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Date:   Sat, 16 May 2020 14:47:42 +0000
From:   "Luck, Tony" <>
To:     Borislav Petkov <>
CC:     Jue Wang <>,
        "Williams, Dan J" <>,
        "" <>,
        "" <>
Subject: Re: [PATCH] x86/mm: Don't try to change poison pages to uncacheable
 in a guest

There is only one actual machine check. But the VMM simulates a second machine check to the guest when the guest tries to access the poisoned page.

The stack trace was from Jue. I didn’t try to check it. But it looked reasonable that Linux would flush the cache for a page that is transitioning from cacheable to uncacheable.

Sent from my iPhone

> On May 15, 2020, at 23:54, Borislav Petkov <> wrote:
> On Tue, May 05, 2020 at 11:46:48AM -0700, Tony Luck wrote:
>> An interesting thing happened when a guest Linux instance took
>> a machine check. The VMM unmapped the bad page from guest physical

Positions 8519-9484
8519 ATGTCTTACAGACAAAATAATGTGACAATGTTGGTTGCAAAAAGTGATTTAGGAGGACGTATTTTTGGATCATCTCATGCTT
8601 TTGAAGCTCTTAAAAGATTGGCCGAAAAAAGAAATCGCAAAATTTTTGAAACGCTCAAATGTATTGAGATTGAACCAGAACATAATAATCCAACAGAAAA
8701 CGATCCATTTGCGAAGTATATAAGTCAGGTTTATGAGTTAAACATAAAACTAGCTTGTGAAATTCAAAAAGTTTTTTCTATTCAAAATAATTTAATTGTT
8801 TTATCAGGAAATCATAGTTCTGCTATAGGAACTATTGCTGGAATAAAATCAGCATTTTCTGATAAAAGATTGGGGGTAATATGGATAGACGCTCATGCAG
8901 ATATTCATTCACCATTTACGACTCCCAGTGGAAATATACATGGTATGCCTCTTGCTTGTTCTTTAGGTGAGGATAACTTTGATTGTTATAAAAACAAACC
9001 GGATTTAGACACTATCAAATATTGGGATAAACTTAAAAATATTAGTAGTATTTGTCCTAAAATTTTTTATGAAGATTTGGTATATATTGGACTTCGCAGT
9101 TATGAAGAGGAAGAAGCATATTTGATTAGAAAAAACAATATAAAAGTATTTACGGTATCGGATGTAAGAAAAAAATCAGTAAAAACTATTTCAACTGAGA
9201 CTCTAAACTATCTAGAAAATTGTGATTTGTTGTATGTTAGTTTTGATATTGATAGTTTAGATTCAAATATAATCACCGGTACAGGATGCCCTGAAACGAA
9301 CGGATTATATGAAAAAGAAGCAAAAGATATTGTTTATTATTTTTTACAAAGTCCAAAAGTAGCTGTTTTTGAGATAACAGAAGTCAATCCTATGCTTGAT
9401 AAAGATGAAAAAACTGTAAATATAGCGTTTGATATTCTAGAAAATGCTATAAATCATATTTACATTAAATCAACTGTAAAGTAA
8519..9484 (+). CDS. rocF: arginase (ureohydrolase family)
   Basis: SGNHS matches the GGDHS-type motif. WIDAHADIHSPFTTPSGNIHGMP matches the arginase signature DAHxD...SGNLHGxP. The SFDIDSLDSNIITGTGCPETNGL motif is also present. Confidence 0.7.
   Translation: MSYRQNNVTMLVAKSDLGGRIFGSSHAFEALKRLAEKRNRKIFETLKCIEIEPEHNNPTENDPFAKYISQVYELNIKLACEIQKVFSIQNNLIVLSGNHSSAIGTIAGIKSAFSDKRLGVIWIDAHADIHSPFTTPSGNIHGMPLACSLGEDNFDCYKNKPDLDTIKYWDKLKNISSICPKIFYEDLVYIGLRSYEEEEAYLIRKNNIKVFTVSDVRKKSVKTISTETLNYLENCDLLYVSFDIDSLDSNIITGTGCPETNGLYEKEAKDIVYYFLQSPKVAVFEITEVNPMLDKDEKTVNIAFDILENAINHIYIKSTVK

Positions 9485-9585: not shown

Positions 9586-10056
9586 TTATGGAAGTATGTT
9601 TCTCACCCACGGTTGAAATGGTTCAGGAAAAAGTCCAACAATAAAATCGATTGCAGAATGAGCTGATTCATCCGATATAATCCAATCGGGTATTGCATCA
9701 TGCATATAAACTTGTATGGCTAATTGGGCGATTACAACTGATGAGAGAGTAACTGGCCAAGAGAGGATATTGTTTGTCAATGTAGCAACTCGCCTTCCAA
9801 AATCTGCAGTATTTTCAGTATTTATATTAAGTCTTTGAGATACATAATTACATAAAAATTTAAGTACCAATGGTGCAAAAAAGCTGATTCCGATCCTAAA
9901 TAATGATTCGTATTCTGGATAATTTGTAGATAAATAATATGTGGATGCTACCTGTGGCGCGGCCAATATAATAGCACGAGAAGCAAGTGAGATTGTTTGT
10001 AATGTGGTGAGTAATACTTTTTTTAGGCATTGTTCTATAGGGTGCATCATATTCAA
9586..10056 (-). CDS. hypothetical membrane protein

>> space and passed the machine check to the guest.
>> Linux took all the normal actions to offline the page from the process
>> that was using it. But then guest Linux crashed because it said there
>> was a second machine check inside the kernel with this stack trace:
>> do_memory_failure
>>    set_mce_nospec
>>         set_memory_uc
>>              _set_memory_uc
>>                   change_page_attr_set_clr
>>                        cpa_flush
>>                             clflush_cache_range_opt
> Maybe I don't see it but how can clflush_cache_range_opt() call
> cpa_flush() ?
>> This was odd, because a CLFLUSH instruction shouldn't raise a machine
>> check (it isn't consuming the data). Further investigation showed that
>> the VMM had passed in another machine check because is appeared that the
>> guest was accessing the bad page.
> This is where you lost me - if the VMM unmaps the page during the first
> MCE, how can the guest even attempt to touch it and do this stack trace
> above?
> /me is confused.
> -- 
> Regards/Gruss,
>    Boris.

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